Error patterns in word reading and spelling in Persian: Is spelling more difficult than reading?
The objective of the present study is to examine the error patterns for Persian reading and spelling when controlling for the complexity level of words. A sample of 140 children attending Grades 1–4 in Iran read and spelled the same words that differed in reading transparency (transparent vs. opaque) and spelling consistency (monographic vs. polygraphic). Children’s reading and spelling errors were analyzed for four types of words including transparent-monographic, transparent-polygraphic, opaque-monographic, and opaque-polygraphic. Children, across all grades, read transparent-monographic words as accurately as they spelled the same words, however, the opaque-polygraphic words, the hardest categories of words, were read more accurately than they were spelled. Moreover, children read transparent-polygraphic words more accurately than they spelled these words. The opposite pattern was observed for opaque-monographic words, that is, these words were spelled more accurately than they were read. Further examination of errors revealed that the words that children most often read correctly but spelled incorrectly were polygraphic, and the words that children most often spelled correctly but read incorrectly were opaque. Further, fine-grained analyses of reading and spelling errors revealed that the degree of the complexity level of words also increased error rates for both polygraphic and opaque words. These results suggest that differences in word characteristics and the complexity level of the words explain the discrepancy in difficulty level between reading and spelling.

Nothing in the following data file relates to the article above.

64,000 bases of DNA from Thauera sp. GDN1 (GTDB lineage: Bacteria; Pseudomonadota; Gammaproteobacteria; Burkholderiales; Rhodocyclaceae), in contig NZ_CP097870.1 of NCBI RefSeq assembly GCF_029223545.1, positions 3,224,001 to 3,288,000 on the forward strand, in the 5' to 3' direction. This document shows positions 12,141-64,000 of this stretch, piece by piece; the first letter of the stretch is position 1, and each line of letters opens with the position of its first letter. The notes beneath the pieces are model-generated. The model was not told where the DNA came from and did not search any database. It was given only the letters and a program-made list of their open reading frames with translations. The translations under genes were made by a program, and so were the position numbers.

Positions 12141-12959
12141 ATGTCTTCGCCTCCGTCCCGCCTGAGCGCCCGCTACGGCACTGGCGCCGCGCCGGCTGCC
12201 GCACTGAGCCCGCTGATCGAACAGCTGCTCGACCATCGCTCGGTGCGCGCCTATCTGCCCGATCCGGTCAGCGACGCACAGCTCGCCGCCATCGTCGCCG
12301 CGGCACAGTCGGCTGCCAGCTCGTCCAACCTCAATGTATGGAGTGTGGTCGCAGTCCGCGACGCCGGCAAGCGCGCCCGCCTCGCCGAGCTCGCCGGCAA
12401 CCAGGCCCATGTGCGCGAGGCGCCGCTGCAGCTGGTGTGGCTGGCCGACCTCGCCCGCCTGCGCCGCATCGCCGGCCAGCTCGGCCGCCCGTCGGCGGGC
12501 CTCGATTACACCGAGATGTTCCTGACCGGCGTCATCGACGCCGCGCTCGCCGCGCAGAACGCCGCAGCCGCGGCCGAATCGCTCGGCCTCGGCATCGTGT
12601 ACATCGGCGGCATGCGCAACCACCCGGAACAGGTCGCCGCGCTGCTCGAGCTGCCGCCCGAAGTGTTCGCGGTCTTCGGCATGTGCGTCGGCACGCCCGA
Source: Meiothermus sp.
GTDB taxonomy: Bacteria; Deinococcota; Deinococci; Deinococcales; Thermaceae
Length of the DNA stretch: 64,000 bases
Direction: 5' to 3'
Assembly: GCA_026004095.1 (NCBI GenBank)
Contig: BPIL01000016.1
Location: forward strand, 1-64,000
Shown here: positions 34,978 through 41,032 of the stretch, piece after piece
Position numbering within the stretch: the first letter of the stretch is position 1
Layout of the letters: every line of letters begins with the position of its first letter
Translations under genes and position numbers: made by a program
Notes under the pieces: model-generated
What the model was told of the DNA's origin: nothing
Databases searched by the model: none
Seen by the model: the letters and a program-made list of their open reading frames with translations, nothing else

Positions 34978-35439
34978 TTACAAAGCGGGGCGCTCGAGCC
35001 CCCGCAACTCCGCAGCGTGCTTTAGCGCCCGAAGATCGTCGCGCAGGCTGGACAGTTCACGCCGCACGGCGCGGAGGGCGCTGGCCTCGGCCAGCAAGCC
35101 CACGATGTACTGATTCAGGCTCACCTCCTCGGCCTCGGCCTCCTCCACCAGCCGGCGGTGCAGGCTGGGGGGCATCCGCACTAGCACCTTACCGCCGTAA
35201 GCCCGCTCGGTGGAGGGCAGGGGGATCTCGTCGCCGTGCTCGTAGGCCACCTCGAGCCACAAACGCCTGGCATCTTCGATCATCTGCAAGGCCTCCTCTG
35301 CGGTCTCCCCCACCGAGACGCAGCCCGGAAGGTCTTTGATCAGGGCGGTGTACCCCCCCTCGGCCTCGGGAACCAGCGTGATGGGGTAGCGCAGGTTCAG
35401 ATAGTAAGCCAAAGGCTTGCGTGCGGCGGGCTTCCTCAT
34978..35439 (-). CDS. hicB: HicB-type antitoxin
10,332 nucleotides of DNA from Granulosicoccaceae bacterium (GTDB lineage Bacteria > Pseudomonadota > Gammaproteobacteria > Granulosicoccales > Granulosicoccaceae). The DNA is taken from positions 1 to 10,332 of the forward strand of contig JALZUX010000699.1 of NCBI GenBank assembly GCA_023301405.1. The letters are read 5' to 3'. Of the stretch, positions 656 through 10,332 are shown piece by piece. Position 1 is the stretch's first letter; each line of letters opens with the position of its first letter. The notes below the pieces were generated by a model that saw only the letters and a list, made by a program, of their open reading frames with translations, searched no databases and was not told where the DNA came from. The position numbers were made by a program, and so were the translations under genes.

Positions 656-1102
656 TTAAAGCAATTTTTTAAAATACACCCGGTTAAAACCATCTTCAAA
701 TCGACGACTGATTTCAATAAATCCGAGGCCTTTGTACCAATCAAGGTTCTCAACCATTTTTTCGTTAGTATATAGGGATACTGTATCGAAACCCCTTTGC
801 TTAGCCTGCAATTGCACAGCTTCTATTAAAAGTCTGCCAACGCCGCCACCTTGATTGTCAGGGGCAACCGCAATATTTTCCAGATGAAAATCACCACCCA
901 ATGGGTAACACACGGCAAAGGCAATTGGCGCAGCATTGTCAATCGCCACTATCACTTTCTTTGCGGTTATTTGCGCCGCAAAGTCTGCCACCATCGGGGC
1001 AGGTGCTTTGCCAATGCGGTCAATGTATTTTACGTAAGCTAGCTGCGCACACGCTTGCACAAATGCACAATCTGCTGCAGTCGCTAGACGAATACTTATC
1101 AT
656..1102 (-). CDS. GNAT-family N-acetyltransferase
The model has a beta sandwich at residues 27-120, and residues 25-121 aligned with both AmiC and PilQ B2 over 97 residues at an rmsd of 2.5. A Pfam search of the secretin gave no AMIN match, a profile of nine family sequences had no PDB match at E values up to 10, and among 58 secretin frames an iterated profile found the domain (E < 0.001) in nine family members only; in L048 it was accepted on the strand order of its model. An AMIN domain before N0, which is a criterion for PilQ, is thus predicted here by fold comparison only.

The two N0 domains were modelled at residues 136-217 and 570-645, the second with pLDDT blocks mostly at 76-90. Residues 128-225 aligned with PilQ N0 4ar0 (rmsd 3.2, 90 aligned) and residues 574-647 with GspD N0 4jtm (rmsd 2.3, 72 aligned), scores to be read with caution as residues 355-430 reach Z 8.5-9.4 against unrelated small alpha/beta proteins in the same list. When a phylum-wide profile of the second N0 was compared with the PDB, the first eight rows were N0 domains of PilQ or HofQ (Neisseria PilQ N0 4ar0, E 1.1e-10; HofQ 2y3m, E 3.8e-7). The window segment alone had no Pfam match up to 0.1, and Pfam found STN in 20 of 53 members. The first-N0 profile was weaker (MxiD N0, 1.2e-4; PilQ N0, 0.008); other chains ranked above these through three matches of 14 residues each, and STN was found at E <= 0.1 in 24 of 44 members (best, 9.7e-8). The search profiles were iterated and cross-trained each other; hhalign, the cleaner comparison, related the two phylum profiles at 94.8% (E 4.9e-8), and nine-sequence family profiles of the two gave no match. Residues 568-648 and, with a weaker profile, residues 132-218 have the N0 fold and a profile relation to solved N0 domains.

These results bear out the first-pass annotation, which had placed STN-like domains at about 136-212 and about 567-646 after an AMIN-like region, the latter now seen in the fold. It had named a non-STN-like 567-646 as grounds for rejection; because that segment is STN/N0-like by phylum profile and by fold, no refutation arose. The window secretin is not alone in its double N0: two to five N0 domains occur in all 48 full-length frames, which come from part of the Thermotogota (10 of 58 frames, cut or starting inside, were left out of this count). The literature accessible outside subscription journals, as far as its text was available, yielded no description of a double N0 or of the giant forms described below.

KeywordsReading Spelling Persian orthography Consistency effect School age
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